Plot for me has to flow from the characters, the situation you put them in, and the character of their world. I usually have a clear sense of the general arc, and I try to write the ending first (maybe I should say an ending—it can change, at least in terms of the words on the page if not the sense of change in the characters). But then I allow myself freedom to explore where the story wants to go, in the same way that when I go for my morning walks I try to get a little lost every day in search of discovery, and the uncanny. That’s a very inefficient way to do it, because you end up with a lot of material that builds character and the world of the story, but doesn’t move the core plot forward. So you end up writing two to three times as much material as you can keep—I wrote three books worth of material for what became Tropic of Kansas, and two for Rule of Capture. 

For me it’s a lot like the wild gardening I do, restoring the native prairie on the plot of land where we live. You put a lot of seeds out there, see what wants to grow, end up with a simultaneously chaotic and coherent mess that harbors all sorts of stuff you didn’t expect, pull the things you don’t want, and then burn the whole thing and see what really belongs when it all grows back.  That approach is especially challenging when you have a deadline looming, but that also means it works well when your character is a deadline-driven lawyer—the ticking clock on the writer’s wall has a way of manifesting itself as urgency inside the story.


 

LP

What essential advice would you give to the writer trying to write their first novel?

 

Christopher Brown

Finish what you start! It’s very easy to set out into the forest of blank pages with an idea of where you are going, only to find yourself feeling lost. Writing your way into the thicket of seemingly impenetrable bramble. We have all been there, and we have all given up on books we thought had great potential. What I have learned as I have matured as a writer is that writing your way out of those spots in the middle of the book is where the real magic happens. It’s definitely where character shows you the way to plot that has some semblance of truth. It’s where improvisational riffing morphs into symphonic coherence. Having a clear sense of your final destination helps, which is why writing an ending first can be like making sure you put your life preserver in the boat before you head out onto the water.     

The other thing I would say is, read as widely as you can. Because what you find when you are lost in the middle of a book is that the things that help you write your way out are the things you have learned and internalized in your years of reading.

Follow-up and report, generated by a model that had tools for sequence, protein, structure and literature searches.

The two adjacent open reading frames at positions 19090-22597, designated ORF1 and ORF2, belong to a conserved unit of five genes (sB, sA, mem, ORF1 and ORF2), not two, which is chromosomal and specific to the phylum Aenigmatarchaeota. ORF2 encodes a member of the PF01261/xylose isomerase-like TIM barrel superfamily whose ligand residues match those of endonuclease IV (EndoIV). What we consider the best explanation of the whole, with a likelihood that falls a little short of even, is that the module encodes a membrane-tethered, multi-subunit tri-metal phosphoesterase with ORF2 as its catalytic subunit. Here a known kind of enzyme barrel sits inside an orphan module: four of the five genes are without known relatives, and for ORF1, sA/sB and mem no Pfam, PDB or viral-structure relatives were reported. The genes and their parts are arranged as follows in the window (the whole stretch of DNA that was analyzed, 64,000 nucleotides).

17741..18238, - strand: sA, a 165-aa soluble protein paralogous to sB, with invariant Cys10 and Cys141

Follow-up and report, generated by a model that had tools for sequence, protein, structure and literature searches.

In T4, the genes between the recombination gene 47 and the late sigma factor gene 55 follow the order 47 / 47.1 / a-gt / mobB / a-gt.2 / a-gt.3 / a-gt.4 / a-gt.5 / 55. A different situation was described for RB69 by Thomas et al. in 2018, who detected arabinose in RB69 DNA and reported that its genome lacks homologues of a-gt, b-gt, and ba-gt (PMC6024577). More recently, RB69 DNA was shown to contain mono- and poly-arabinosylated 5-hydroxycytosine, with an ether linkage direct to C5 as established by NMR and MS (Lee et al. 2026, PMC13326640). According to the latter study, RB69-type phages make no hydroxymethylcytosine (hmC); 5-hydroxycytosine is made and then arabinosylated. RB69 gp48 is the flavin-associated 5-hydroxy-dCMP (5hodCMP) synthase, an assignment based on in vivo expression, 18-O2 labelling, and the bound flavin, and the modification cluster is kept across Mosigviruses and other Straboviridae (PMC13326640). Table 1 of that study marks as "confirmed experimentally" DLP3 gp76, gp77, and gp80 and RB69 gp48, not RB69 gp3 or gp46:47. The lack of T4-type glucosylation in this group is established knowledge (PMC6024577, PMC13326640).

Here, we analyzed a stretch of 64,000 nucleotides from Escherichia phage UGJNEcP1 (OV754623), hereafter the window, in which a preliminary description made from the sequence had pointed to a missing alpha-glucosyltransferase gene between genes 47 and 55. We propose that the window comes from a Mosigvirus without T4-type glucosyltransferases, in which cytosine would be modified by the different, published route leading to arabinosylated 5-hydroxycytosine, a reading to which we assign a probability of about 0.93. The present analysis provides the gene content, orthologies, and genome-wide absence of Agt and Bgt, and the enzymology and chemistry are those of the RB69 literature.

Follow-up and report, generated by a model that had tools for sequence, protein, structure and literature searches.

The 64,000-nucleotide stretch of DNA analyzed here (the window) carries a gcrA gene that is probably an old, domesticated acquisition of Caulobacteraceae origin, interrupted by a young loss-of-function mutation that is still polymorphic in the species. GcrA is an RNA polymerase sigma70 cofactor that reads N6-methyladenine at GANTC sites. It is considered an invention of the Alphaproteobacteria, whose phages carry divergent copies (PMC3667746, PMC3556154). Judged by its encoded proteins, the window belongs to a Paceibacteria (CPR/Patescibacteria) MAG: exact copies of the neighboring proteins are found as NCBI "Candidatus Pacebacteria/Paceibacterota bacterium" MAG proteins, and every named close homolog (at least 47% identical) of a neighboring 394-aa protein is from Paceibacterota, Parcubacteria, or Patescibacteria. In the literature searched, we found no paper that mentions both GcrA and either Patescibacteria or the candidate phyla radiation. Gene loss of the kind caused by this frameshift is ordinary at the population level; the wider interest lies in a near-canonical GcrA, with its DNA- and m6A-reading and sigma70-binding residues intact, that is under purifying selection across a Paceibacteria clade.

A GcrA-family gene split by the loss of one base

And remember, as my friend Maureen McHugh wisely advised me after I launched Tropic of Kansas: when you finish your first novel, you think you have figured out how to write novels, when all you have actually figured out is how to write that novel. Every book is different, and has its own unique challenges. And solving them is a big part of the reward of the work.


 

LP

What authors inspired you to become a novelist?

 

Christopher Brown

The biggest influences on the idea of doing this were early ones, writers I read when I was in my late teens and early twenties and whose work made me think I would like to try my hand at doing something like that. J.G. Ballard, Walker Percy, Joan Didion, William Gibson and Ursula K. LeGuin were some of the big ones. I was a working journalist before I became a fiction writer (and before I became a lawyer), and Hunter S. Thompson was also a big influence. After I got going as a short story writer and had moved to Austin, Bruce Sterling became an important mentor, and Eileen Gunn provided invaluable encouragement and advocacy to try my hand at longer work.


Left to right J.G. Ballard, Walker Percy, Joan Didion, William Gibson, Ursula K. LeGuin, and Hunter S. Thompson.


 

LP

Which characters in fiction do you re-read?

 

Christopher Brown

I think the most important characters to go back to are the ones you missed—the ones that weren’t part of the canon of your particular social reality growing up. Writing Tropic of Kansas and Rule of Capture, I read widely in search of characters and creators I had never paid much attention to before, voices that spoke from very different life experiences. The novel is a mode of storytelling wrapped up in the experience of the self, but I work hard to try to fill it with the multivalent chorus of the real world, and seeking out new voices you may never have heard before, or neglected to give much attention to, is to me the most important way you can grow as a writer, reader, and member of your community. I hope that effort shows in my work. 


 

LP

Thank you for a peak into your writing mind and life, all the best with the world of Tropic of Kansas.

 

Thanks for having me, Lou!

 




Reviewed by Lou Pendergrast on 29 January 2019